Fig 1: Voltage Vector Positions
The stator flux is estimated as follows: From eq (5)
= ( ) (11)
The command stator flux and torque
magnitudes are compared with the respective estimated values and the errors are processed through hysteresis
Magnitude of stator flux can be estimated as
band controllers.[2] The flux loop controller has two
levels and torque control loop has three levels of digital
= (2 + 2 ) (12)
output. From the machine terminal voltage and line current, stator flux, torque and state of the voltage vector
Position of the vector can be estimated as
are estimated and all these information are fed back to
= tan1( )
(13)
the closed loop controller to generate the switching
signals.
TABLE 1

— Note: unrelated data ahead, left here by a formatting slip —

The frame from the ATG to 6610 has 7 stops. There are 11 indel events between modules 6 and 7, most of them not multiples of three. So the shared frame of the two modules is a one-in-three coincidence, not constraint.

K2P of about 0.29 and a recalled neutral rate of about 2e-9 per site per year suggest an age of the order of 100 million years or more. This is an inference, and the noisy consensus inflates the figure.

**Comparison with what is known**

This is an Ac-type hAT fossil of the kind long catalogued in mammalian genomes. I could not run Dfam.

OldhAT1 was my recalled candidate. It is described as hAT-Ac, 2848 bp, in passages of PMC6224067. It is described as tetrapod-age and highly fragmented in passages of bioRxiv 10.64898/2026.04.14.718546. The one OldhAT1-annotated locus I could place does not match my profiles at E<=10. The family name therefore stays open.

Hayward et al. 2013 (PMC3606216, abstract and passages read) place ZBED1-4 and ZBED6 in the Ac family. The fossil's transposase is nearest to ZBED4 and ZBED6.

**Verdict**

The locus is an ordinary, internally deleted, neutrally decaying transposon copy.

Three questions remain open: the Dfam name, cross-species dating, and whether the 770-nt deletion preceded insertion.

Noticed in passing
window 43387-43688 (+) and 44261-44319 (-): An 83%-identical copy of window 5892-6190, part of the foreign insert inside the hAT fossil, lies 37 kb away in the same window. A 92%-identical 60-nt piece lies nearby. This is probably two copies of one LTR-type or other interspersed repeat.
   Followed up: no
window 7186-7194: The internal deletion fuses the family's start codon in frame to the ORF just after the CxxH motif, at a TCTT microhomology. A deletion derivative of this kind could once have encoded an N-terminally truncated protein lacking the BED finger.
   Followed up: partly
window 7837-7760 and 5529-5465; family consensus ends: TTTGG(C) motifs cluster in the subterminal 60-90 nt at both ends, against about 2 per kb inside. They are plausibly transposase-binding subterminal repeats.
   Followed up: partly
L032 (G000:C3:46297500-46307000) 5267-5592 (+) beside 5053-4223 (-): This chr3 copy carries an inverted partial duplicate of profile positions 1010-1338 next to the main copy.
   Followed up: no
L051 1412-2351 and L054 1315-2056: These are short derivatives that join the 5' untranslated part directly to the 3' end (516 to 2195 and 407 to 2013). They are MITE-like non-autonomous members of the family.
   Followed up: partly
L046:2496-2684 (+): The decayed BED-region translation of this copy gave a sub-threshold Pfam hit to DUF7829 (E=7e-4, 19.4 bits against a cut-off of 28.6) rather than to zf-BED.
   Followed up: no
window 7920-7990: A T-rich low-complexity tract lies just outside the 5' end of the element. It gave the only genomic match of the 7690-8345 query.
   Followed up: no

Switching Vector Table For Basic DTC
H
HTe
S(1)
S(2)
S(3)
S(4)
S(5)
S(6)
1
1
V2
V3
V4
V5
V6
V1
0
V0
V7
V0
V7
V0
V7
1
V6
V1
V2
V3
V4
V5
1
1
V3
V4
V5
V6
V1
V2
0
V7
V0
V7
V0
V7
V0
1
V5
V6
V1
V2
V3
V4
Because of the presence of this hysteresis loop torque produce by the induction machine becomes very much fluctuating as we can observe it from the simulation results. But the main advantage of this scheme is the simplicity in implementation as it requires no reference frame transformation which was the basic need for FOC drive.
Torque of the machine can be estimated from eq (10). The speed of the machine can be sensed by using a sensor less speed estimation scheme.
Space vector modulation technique (SVPWM) with symmetrical switching scheme.